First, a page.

After reading this article, I hope you will able to understand the meaning of isoquant curve, marginal rate of technical substitution and economic region of production. Also, you will learn the general properties of isoquants in detail and obvious manner. However, before reading this article, I request you to read concepts of production function which will do ease your learning journey ahead.

- What is the meaning of isoquant?
- What is marginal rate of technical substitution?
- Why marginal rate of technical substitution diminishes?
- What are the types of isoquants?
- What is meant by elasticity of technical substitution between factors?
- Where is the economic region of production in isoquant?
- What are the general properties of isoquant?

Now assuming that you are familiar with concepts of production function, let us move further underlining main assumptions made to isoquant curve. The main assumptions are:

- We use production function in modern form i.e. Q = f (K, L), with only two factor inputs capital and labor.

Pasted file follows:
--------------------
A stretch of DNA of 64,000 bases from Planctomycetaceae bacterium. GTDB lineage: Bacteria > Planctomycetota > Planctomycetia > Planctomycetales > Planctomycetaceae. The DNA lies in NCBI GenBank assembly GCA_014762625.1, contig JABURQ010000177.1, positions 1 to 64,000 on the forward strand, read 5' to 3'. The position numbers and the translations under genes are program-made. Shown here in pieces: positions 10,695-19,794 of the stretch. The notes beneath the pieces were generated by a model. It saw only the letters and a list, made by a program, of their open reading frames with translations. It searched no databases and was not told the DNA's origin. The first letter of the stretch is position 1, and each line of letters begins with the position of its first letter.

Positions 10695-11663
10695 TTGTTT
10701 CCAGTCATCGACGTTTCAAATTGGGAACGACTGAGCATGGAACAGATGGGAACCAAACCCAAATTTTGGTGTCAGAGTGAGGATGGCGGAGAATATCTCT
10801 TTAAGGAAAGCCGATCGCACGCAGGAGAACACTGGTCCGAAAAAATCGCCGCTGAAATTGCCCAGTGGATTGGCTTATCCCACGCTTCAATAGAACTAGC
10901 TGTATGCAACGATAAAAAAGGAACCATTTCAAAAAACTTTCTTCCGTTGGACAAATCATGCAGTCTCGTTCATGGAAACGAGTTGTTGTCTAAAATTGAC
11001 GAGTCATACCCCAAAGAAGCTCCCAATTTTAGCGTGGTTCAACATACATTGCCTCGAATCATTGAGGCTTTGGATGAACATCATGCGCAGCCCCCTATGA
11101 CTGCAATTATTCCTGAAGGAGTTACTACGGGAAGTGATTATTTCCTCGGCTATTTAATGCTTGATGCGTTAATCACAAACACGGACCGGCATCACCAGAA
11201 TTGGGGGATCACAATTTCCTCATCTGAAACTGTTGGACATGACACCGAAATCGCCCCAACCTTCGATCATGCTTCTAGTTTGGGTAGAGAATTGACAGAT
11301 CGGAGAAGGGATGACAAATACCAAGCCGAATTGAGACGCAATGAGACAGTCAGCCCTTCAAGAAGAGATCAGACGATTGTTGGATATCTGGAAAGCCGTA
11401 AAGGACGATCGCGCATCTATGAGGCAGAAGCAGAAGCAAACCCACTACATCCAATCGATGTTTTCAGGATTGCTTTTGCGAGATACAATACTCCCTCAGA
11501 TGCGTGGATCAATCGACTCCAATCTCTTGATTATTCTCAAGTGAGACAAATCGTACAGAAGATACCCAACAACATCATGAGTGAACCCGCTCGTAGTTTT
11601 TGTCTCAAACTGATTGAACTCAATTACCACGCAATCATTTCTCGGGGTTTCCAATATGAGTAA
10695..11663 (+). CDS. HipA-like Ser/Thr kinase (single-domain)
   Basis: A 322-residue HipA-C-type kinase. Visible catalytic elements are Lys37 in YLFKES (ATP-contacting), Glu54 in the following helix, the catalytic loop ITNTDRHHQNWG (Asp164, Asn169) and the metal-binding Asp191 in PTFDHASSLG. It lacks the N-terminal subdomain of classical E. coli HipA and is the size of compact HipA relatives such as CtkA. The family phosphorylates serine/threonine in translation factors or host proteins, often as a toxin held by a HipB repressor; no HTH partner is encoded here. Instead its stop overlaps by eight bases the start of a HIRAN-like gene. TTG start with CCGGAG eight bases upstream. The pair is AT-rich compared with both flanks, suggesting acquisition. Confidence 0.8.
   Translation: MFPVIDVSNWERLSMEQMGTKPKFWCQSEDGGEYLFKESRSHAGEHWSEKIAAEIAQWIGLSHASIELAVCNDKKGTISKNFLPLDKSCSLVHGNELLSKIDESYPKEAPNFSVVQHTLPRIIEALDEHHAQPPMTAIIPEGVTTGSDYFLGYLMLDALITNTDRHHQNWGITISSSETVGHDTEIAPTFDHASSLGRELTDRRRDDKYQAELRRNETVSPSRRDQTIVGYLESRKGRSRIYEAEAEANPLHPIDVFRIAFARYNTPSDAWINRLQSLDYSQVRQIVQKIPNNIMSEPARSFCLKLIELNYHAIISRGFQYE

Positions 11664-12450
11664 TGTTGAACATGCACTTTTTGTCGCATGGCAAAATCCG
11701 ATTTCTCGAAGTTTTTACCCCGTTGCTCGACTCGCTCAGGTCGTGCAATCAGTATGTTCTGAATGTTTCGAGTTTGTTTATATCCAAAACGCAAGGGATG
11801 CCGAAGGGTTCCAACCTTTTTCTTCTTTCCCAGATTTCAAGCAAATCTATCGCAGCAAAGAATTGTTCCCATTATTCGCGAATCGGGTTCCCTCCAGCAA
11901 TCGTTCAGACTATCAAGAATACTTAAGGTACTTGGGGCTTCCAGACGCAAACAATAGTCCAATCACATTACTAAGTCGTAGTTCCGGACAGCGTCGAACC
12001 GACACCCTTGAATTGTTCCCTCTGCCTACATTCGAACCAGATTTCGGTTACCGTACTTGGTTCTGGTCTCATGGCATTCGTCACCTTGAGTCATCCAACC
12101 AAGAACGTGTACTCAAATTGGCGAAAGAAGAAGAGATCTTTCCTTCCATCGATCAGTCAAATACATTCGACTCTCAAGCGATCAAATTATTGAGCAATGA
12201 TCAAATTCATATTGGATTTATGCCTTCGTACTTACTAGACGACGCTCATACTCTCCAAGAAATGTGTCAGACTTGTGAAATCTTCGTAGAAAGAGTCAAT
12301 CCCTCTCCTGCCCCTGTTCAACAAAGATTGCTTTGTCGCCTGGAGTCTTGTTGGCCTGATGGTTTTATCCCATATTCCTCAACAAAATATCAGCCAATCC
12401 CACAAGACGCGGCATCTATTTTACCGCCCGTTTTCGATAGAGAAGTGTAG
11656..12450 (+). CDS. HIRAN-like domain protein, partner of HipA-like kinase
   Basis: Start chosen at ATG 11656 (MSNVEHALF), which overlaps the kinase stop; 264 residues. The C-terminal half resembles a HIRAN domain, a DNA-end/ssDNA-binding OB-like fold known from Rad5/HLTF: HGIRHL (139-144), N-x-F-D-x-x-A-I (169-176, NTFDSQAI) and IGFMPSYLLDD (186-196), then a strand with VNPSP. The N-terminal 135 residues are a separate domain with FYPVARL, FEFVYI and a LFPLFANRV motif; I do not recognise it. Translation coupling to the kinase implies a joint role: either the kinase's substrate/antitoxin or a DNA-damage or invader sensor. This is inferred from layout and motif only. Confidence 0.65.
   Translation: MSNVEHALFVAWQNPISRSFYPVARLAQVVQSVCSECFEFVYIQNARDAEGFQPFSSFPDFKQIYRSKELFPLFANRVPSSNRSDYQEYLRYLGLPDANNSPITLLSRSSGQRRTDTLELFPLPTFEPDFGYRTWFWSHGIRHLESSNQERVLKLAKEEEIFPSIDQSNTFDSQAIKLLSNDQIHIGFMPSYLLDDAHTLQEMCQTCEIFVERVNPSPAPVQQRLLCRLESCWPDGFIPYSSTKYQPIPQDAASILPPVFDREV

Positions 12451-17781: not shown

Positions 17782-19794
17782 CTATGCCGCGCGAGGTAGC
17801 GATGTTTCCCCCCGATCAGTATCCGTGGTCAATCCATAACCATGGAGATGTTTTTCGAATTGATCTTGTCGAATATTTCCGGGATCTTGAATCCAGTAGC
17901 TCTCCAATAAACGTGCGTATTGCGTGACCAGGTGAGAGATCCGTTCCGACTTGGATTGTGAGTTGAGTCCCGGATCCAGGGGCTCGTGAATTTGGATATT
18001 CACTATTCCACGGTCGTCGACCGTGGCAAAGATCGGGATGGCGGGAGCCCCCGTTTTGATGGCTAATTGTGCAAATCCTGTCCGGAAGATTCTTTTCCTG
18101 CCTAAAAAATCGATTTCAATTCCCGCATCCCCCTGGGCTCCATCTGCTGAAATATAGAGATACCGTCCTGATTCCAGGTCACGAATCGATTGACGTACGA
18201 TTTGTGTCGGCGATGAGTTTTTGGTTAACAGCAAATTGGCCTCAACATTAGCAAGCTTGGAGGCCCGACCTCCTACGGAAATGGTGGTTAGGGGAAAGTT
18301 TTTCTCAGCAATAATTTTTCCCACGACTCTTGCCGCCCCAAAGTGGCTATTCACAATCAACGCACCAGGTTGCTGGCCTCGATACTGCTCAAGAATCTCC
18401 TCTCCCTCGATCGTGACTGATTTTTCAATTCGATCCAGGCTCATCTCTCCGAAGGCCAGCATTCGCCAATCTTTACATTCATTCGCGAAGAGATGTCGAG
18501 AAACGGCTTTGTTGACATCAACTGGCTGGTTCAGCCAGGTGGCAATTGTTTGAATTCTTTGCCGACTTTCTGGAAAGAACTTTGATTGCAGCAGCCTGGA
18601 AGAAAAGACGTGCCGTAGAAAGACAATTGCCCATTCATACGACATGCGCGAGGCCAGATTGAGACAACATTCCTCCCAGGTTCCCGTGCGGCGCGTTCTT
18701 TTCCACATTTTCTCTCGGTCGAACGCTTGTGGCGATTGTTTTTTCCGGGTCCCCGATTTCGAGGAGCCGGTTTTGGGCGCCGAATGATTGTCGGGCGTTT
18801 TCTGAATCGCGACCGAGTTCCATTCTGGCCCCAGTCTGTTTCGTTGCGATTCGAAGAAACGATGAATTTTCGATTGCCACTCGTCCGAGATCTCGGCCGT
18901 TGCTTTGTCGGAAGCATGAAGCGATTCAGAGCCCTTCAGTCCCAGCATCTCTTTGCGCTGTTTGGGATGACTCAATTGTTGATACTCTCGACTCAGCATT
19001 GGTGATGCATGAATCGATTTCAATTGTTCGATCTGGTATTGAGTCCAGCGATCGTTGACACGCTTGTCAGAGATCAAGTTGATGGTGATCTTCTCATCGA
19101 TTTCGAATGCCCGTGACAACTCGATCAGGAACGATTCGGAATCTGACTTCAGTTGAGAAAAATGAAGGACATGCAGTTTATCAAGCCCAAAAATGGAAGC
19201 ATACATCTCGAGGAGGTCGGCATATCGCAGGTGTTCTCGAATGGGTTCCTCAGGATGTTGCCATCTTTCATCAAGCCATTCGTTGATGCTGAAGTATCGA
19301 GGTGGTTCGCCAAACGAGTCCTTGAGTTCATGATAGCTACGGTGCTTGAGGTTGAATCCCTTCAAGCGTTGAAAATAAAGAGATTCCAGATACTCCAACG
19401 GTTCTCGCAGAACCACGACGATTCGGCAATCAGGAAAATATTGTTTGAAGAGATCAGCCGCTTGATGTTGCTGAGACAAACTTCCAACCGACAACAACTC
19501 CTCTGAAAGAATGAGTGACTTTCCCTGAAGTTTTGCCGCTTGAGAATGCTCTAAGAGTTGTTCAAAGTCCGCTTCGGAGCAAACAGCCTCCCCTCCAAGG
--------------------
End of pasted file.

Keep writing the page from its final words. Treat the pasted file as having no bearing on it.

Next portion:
- Technique of production remains constant.
- All inputs are efficiently used i.e. none inputs are idle or wasted, which equally means that production function indicates maximum quantities of output that can be produced by employing each and every combinations of factor inputs.

## What is the meaning of isoquant?

Literally isoquant means equal quantity curve, it is also called as equal-product curve. We can define isoquant as the locus of various combination of factor inputs – capital and labor – that can produce same or constant level of output. In other words, isoquant represents all those combination of factor inputs that are capable of producing equal quantity of output. This way, a producer is indifferent with outputs represented by various points of isoquant curve.

### Pictorial presentation of isoquants

Let us present production function Q = f (K, L) in three-dimensional space to visualize what happens to output when more and more input combinations are used. By assumption of efficient use of factor inputs in production, the greater the employment of factor inputs, the greater the amount of output it will produce. That means to say, production function can produce Q1 level of output using K1 and L1 input combination, while it can produce Q2 level of output, the greater amount of output than Q1, using K2 and L2 input combination as represented along vertical output axis.